In this week’s recap: After setting new highs, market rattled by unexpected trading phenomenon.
THE WEEK ON WALL STREET
Despite strong corporate earnings, stock prices closed lower after a volatile week of trading triggered by unprecedented activity in a handful of companies.
The Dow Jones Industrial Average lost 3.27%, while the Standard & Poor’s 500 fell 3.31%. The Nasdaq Composite index dropped 3.49% for the week. The MSCI EAFE index, which tracks developed overseas stock markets, slipped 1.83%.1,2,3
Bull Market Takes a Breather
On Monday, the S&P 500 and NASDAQ Composite overcame early losses to post new all-time highs.4
Stocks rode a roller coaster on Wednesday, falling sharply despite above-consensus earnings results, only to come roaring back the following day. Stocks suffered another broad retreat on Friday, sending the major indices to their worst weekly performance since October.4,5
Earnings continued to surprise to the upside, with 81% of companies in the S&P 500 that reported results by last Thursday morning exceeding analysts’ expectations.6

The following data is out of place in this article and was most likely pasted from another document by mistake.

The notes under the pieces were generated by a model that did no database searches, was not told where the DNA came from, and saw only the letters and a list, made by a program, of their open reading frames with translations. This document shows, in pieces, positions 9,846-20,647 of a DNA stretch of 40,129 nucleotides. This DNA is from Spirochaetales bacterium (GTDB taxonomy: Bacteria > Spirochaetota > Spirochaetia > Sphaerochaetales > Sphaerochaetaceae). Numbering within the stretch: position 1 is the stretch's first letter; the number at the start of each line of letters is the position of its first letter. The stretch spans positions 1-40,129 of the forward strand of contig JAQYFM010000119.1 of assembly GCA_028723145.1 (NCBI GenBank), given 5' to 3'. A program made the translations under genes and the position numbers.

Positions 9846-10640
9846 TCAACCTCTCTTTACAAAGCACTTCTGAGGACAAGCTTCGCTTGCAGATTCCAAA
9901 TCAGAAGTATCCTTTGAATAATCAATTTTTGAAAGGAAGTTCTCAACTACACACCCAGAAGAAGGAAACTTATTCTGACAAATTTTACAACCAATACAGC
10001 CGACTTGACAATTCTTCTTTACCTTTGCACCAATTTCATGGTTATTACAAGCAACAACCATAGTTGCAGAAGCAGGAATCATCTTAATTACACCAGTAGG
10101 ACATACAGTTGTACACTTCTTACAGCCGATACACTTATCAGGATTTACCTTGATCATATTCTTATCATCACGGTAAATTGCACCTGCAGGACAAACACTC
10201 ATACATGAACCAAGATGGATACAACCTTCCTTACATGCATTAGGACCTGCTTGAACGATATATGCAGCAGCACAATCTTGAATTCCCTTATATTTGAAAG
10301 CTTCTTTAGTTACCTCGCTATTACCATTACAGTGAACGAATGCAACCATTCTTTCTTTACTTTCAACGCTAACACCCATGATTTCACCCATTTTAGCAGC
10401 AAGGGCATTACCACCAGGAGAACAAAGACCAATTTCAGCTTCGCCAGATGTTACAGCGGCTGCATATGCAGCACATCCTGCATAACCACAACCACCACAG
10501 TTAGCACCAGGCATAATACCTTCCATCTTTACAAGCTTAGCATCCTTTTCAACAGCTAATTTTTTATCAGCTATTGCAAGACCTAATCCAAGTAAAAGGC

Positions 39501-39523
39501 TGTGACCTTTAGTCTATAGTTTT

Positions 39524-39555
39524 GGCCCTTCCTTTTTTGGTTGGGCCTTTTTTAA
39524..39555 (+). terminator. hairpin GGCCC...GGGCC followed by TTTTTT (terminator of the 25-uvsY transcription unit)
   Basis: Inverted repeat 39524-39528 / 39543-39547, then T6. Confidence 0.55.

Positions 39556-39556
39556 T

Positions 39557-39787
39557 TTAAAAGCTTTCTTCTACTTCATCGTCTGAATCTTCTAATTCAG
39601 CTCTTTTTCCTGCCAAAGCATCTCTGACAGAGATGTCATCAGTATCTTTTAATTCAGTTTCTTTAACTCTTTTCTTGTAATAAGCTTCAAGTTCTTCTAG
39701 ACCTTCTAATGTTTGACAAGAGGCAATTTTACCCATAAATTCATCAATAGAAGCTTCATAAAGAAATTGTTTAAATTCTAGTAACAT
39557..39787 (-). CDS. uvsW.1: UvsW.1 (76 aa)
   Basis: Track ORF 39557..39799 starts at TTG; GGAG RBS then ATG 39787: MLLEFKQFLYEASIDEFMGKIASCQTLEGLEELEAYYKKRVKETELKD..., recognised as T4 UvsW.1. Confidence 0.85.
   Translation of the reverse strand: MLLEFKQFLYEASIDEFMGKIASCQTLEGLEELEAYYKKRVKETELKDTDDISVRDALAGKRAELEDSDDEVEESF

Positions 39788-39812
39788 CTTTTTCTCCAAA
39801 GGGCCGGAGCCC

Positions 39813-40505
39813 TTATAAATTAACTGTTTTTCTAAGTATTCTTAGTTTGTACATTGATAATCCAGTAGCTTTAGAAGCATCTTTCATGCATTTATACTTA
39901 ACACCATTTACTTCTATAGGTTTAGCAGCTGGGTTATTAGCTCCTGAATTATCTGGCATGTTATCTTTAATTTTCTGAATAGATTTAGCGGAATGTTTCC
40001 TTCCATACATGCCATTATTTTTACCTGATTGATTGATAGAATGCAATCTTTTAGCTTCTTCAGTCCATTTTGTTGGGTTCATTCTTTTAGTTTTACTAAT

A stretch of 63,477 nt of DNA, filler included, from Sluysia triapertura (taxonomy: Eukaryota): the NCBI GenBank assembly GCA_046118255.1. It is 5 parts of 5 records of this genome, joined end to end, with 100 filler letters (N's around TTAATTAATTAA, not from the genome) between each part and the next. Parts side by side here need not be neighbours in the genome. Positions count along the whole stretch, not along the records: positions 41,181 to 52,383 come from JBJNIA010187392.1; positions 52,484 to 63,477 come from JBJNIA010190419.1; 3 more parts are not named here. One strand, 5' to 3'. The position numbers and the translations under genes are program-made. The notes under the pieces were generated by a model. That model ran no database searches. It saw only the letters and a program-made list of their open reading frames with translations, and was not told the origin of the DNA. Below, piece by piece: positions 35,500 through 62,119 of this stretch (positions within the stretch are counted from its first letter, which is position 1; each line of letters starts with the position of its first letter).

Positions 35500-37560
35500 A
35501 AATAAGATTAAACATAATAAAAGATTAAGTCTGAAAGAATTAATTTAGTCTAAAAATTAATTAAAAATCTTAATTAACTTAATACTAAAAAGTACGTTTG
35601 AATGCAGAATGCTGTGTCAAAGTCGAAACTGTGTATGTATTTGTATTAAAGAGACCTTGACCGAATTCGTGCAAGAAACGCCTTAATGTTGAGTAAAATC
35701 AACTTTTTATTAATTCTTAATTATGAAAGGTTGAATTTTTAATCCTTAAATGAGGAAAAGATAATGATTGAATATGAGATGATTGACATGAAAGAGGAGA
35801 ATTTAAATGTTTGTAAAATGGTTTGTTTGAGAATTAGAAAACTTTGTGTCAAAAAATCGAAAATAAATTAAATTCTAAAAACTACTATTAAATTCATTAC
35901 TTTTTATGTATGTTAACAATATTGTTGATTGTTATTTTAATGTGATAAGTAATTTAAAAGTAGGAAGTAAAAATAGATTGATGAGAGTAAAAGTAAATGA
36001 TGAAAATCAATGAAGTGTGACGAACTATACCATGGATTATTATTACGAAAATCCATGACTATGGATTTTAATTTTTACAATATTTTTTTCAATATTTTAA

Shorts Come Into Focus
The ability of social media to stoke passions and provide a catalyst to herd behavior made itself evident on Wall Street last week.
A chat forum became the central hub for motivating individual investors to trade certain stocks with large short positions. This unexpected buying activity roiled markets and fueled a sharp rise in their stock prices. The sudden surge higher forced some fund managers to buy stocks in these companies at higher prices, resulting in substantial losses for the firms.
It’s difficult to say whether this social media phenomenon has long-term implications, though it is likely to change how professional investors evaluate trading strategies in the future.
In order to sell short, you are required to open a margin account. Selling short is not suitable for all investors. Margin trading entails greater risk, including the risk of unlimited losses in a position and incurrence of margin interest debt. You should consider your financial situation and risk tolerance before trading on margin.